In keeping with social-distancing mandates, you really shouldn’t be attending any parties of any kind right now, and especially not parties where the main activity on the agenda is deliberately exposing yourself to coronavirus.
To the horror of public-health officials, not everyone is using such caution — in particular, residents of one county in southern Washington state. “Walla Walla County health officials are receiving reports of COVID-19 parties occurring in our community, where non-infected people mingle with an infected person in an effort to catch the virus,” the county said in a press release yesterday. Unsurprisingly, people are falling ill. In an interview with the Walla Walla Union-Bulletin, the director of the county’s Department of Community Health said that around 25 infected people in the county have confessed to going to a COVID-19 party. As of today, the county has 94 confirmed cases.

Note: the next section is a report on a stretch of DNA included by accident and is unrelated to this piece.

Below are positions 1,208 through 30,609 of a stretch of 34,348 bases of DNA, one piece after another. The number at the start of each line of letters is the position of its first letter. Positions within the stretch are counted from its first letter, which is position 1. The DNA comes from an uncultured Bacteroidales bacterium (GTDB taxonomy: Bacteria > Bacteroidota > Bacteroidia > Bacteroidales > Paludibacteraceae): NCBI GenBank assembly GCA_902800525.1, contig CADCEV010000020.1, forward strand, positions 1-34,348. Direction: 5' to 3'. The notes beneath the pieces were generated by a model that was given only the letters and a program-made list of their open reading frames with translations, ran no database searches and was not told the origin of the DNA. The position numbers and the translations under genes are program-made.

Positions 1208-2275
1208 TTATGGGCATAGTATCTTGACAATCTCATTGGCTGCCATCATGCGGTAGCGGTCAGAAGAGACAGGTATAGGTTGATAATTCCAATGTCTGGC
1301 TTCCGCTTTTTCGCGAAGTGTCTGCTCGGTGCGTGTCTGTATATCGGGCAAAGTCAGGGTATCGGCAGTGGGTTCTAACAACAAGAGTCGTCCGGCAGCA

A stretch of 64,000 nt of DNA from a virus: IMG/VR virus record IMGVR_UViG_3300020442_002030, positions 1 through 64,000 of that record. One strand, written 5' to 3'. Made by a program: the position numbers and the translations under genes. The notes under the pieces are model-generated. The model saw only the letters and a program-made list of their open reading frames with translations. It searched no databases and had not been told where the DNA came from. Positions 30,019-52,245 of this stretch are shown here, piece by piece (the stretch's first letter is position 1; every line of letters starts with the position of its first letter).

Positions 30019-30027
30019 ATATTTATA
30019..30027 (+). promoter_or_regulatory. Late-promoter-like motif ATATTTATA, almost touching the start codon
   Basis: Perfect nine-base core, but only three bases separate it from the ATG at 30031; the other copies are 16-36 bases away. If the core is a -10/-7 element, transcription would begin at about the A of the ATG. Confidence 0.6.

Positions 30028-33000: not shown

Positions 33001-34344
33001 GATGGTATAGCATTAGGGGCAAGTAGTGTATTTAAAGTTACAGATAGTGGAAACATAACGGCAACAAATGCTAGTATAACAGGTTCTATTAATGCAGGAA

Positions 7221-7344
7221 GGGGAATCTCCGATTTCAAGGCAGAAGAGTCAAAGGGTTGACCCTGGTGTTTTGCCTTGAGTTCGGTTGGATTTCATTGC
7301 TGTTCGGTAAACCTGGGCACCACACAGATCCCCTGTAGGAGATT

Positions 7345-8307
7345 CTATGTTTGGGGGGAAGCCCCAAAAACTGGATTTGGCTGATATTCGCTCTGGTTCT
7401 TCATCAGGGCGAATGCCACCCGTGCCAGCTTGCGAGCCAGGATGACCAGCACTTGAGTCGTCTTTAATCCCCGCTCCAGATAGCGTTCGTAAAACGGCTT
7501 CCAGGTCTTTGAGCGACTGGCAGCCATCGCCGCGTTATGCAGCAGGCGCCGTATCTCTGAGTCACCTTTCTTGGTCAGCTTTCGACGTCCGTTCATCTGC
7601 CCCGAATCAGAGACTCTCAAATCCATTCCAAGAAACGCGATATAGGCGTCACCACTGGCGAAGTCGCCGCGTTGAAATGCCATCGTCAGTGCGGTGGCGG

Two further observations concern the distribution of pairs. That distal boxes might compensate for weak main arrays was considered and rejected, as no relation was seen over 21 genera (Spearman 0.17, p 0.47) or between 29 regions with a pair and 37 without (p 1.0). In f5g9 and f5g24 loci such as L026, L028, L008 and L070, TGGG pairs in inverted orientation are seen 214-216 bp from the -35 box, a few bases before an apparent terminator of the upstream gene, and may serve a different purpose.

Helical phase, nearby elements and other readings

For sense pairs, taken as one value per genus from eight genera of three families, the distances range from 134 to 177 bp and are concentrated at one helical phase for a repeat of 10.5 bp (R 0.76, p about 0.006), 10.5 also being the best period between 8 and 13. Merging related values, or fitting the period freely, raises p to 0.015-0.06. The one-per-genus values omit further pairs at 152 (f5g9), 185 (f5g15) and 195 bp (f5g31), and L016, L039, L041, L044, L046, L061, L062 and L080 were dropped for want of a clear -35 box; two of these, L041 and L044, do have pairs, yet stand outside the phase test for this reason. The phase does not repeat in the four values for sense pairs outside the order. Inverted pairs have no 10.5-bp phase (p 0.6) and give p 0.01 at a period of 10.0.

“We don’t know when it is happening,” director Meghan DeBolt said of the parties. “It’s after the fact that we hear from cases.”
These parties aren’t the first of their kind. A little over a month ago, a group of 20-somethings held a similar fête in Kentucky, where at least one person became infected with the coronavirus. In fact, this grim genre of party — where you intentionally infect yourself with a virus in order to immunize yourself — has long existed. Before the introduction of the chicken pox vaccine in 1995, some parents would bring their children to “chicken pox parties,” so they could become infected and then immune. In more recent years, amid measles outbreaks, state officials have had to explicitly caution against “measles parties.” Time and time again, health officials have warned that these parties are not only dangerous and unnecessary, but potentially deadly.
But what makes coronavirus parties particularly bad is that we don’t yet know whether you develop immunity to coronavirus after infection. Also, even “mild” cases of coronavirus aren’t exactly mild. Hypothetically, there’s a chance you could attend a coronavirus party, fall so ill you struggle to breathe for weeks, recover, and then become reinfected all over again. Attending a party is “not an innocent endeavor, by any means,” DeBolt continued. “It really sets us back.”